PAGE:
Overfishing could wipe out bluefin tuna under threat in Med

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This has been a catastrophic year for bluefin tuna in the Mediterranean. The enormous fish, which provides the key ingredient for sushi, Japan's unofficial national dish, is being caught in such vast numbers that scientists fear its commercial extinction is looming.

"We have now reached crisis point for bluefin tuna in the Mediterranean, " Sergio Tudela, the fisheries co-ordinator at the conservation charity WWF Mediterranean said. "Levels of fishing are 2.5 times higher than the bluefin populations can sustain. This mismanagement will lead to commercial extinction."

Iccat, the International Commission for the Conservation of the Atlantic Tuna, is holding its annual meeting this week in Seville, Andalusia.The quota it allocated for tuna fishing in 2004 was 32,000 tons. But the WWF, the organisation leading the campaign to alert the world and change the industry's behaviour sounded a sombre note. It estimates that between 45,000 and 50,000 tons were caught. Iccat is meant to police the industry but the WWF believes that it is failing in its duties. The 2005 season has not finished and the haul is expected to be greater. Among the most glaring offenders is Libya, a new arrival in the industry. "This country's annual quota is 1,400 tons," Mr Tudela said. "But so far this year, Libya has taken more than 9,000 tons. The illegal catch has been caged in Libya, Tunisia and Spain."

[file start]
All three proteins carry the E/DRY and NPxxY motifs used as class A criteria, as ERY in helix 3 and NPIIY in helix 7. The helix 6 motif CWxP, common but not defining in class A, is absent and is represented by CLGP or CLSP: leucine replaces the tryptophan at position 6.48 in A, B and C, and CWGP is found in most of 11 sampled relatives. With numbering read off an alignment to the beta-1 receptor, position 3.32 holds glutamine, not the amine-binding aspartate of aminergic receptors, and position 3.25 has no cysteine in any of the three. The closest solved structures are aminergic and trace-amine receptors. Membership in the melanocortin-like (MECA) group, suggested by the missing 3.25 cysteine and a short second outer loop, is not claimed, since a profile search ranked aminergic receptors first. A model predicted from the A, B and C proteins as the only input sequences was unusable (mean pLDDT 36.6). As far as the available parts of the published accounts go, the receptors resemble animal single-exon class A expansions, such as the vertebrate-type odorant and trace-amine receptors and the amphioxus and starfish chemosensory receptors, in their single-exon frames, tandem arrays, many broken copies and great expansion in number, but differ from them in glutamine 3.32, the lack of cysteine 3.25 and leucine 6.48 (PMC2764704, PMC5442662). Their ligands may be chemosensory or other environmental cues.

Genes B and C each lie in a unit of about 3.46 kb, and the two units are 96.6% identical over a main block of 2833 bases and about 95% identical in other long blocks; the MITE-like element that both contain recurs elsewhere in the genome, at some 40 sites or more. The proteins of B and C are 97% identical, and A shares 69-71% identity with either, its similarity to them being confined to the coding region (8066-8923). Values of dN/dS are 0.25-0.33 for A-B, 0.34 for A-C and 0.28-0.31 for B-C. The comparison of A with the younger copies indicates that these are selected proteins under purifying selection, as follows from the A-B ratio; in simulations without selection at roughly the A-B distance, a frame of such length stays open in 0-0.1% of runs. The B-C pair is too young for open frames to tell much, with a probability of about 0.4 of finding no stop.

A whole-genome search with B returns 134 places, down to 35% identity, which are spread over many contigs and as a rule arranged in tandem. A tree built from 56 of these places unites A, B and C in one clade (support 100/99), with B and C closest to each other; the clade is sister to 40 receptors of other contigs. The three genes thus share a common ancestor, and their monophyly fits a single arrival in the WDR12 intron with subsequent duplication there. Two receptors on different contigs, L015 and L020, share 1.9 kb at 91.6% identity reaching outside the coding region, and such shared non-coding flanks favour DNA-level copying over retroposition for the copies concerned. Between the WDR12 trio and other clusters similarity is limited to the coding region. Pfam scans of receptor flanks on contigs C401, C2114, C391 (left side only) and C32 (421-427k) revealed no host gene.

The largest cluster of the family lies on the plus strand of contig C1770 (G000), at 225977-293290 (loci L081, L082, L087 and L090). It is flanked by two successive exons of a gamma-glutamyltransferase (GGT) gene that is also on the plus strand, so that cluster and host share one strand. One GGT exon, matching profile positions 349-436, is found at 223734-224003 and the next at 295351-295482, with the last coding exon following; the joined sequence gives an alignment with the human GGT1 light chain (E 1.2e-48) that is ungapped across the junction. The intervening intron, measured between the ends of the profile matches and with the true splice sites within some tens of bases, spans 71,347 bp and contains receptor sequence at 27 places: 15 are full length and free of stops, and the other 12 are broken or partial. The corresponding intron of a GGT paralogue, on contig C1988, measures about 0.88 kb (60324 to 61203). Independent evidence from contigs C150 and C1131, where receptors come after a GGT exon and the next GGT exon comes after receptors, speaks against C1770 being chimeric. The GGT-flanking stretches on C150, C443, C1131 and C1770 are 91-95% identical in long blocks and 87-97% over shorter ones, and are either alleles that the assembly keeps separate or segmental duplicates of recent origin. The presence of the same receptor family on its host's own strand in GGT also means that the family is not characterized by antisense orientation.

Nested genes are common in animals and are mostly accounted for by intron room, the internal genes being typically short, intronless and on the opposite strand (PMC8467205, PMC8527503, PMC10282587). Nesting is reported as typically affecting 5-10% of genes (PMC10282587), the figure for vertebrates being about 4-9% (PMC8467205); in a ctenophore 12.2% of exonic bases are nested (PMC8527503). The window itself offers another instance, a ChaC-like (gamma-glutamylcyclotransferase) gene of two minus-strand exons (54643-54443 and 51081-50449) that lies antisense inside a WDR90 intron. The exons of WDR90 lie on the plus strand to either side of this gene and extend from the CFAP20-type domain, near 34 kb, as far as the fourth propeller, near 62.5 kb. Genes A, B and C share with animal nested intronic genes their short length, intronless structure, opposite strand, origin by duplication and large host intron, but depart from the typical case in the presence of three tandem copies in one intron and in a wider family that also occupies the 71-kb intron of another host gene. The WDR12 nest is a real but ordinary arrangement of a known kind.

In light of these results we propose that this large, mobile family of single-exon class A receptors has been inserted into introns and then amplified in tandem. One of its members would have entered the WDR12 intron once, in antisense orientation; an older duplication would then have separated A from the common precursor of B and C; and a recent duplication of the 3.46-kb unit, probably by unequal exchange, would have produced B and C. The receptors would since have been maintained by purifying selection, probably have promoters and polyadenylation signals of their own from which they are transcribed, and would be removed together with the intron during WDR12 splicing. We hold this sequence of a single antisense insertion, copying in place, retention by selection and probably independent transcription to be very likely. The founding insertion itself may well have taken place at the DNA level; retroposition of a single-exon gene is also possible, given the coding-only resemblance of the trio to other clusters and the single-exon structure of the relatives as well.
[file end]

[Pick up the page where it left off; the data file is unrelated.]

The overfishing is due to the explosive growth of hi-tech tuna ranching. Traditionally, tuna fishermen constructed a series of traps in a channel used by the wild tuna during their migrations, and killed them in the traps. But catches for tuna trappers ­ protesting with WWF supporters outside the Iccat meeting ­ have fallen by 80 per cent in five years as tuna ranchers have scoured the seas.

In tuna ranching, schools of tuna are spotted by planes, caught in purse-seine nets by fast fishing fleets, towed ashore, and fattened in nets anchored offshore until big enough to be slaughtered, blast-frozen and shipped to Japan.

This is so profitable that tuna ranches have sprung up in Turkey, Tunisia, Libya, Morocco and Algeria as well as EU countries such as Spain, Italy, Greece, Cyprus and Malta, where the practice is well established. Ranchers in EU countries have large EU subsidies.

Paolo Guglielmi, head of the marine unit of the WWF Mediterranean office in Rome, said: "It was clear at the last Iccat meeting in Vancouver that the organisation is totally dominated by commercial companies. It is refusing to take any action to stop the catastrophe."

WWF is now pressing Iccat to cut the season by 15 days, so it starts at the beginning of August instead of in mid-July. Mr Guglielmi said: "This is a simple, serious measure that would reduce the amount of tuna caught, because it is in July that the tuna come together in schools. In August they are harder to locate."

To be adopted, the measure must be proposed by a participating country. Mr Guglielmi said: "The Japan-ese ... have such a huge investment in the industry in the Mediterranean, and they are beginning to realise they could lose it all."